A full table scan looks through all of the rows in a table – one by one – to find the data that a query is looking for. Obviously, this can cause very slow SQL queries if you have a table with a lot of rows – just imagine how performance-intensive a full table scan would be on a table with millions of rows. Using an index can help prevent full table scans.
Let’s go through some different scenarios which cause a full table scan:
Full table scan if statistics haven’t been updated
Normally, statistics are kept on tables and indexes. But, if for some reason table or index statistics have not been updated, then this may result in a full table scan. This is because most RDBMS’s have query optimizers that use those statistics to figure out if using an index is worthwhile. And if those statistics are not available, then the RDBMS may wronglydetermine that doing a full table scan is more efficient than using an index.
If a query does not have a WHERE clause to filter out the rows which appear in the result set, then a full table scan might be performed.
Full table scan with an index
There are some scenarios in which a full table scan will still be performed even though an index is present on that table. Let’s go through some of those scenarios.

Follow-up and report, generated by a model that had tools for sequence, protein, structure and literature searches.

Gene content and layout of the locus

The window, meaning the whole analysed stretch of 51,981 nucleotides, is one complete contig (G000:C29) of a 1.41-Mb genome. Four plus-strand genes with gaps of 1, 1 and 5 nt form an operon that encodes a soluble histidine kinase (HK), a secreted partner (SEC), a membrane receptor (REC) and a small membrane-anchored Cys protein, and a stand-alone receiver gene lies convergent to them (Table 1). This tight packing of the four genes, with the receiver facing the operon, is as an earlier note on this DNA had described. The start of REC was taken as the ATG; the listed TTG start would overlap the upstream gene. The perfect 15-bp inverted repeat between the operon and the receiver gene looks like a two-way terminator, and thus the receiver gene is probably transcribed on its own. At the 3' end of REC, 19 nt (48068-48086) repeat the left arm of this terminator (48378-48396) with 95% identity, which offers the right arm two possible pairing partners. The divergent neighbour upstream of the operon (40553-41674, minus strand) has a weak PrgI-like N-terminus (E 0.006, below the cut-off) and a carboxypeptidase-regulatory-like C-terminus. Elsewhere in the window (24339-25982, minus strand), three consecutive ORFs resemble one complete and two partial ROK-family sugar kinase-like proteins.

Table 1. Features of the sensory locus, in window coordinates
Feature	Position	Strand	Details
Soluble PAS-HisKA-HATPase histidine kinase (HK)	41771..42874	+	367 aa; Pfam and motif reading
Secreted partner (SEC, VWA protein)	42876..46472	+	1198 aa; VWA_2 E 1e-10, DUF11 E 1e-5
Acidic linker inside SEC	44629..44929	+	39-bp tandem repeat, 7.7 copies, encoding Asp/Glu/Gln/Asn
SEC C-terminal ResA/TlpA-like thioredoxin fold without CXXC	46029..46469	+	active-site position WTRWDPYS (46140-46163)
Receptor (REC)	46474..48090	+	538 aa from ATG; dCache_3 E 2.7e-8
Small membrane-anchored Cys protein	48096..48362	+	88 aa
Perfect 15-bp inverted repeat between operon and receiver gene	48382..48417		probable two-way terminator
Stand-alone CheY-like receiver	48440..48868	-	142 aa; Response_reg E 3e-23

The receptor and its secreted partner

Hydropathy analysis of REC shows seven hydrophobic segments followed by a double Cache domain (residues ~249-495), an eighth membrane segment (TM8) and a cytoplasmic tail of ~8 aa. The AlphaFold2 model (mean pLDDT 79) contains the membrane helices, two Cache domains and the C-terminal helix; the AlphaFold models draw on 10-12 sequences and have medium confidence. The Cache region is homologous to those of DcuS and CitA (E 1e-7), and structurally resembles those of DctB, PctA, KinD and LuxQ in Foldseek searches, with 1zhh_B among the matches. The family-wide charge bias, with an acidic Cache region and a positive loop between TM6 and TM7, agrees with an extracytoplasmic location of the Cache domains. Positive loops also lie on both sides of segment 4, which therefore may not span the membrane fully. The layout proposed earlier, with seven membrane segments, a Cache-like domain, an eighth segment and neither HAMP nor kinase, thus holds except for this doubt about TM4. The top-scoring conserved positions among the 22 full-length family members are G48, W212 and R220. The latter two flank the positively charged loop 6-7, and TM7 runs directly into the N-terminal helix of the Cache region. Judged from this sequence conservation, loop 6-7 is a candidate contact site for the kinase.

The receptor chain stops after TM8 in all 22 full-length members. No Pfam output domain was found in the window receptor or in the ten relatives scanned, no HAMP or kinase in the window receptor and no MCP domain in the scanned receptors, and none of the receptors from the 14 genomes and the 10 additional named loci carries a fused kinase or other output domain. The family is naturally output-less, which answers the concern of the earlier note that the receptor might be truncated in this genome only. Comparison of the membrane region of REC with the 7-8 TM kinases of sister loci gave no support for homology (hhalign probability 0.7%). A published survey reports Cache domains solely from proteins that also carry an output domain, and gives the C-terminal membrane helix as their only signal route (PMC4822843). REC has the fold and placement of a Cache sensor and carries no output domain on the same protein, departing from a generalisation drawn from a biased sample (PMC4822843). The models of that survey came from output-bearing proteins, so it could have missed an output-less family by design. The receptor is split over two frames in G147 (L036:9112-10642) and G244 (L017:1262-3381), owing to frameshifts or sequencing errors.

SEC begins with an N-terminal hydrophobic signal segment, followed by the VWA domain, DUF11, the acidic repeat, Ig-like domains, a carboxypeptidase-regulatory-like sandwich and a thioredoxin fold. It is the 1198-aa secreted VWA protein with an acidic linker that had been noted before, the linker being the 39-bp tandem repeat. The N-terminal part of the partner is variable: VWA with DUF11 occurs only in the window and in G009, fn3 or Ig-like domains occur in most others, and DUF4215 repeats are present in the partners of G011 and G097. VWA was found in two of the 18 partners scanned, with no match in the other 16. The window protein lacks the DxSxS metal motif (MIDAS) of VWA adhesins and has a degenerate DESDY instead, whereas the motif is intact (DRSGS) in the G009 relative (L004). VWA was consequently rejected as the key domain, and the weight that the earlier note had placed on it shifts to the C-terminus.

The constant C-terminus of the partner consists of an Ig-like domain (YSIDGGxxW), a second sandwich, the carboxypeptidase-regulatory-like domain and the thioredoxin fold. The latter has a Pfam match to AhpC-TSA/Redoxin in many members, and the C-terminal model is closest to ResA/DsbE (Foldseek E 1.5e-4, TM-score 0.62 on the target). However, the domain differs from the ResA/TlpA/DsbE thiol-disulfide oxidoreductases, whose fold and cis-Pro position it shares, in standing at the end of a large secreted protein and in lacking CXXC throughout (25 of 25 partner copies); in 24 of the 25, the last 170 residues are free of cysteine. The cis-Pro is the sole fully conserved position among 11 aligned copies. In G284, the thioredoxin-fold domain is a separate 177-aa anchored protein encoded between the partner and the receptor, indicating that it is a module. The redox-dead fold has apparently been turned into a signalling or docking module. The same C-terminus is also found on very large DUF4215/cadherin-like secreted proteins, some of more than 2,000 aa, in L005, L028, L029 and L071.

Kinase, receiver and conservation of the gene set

If a query does have a WHERE clause, but none of the columns in that WHERE clause match the leading column of an index on the table, then a full table scan will be performed.
Even if a query does have a WHERE clause with a column that matches the first column of an index, a full table scan can still occur. This situation arises when the comparison being used by the WHERE clause prevents the use of an index. Here are some scenarios in which that could happen:
- If the NOT EQUAL (the “<>“) operator is used. An example is “WHERE NAME <> ‘PROGRAMMERINTERVIEW’”. This could still result in a full table scan, because indexes are usually used to find what is inside a table, but indexes (in general) cannot be used to find what is not inside a table.
- If the NOT operator is used. An example is “WHERE NOT NAME = ‘PROGRAMMERINTERVIEW’”.
- If the wildcard operator is used in the first position of a comparison string. An example is “WHERE NAME LIKE ‘%INTERVIEW%’”.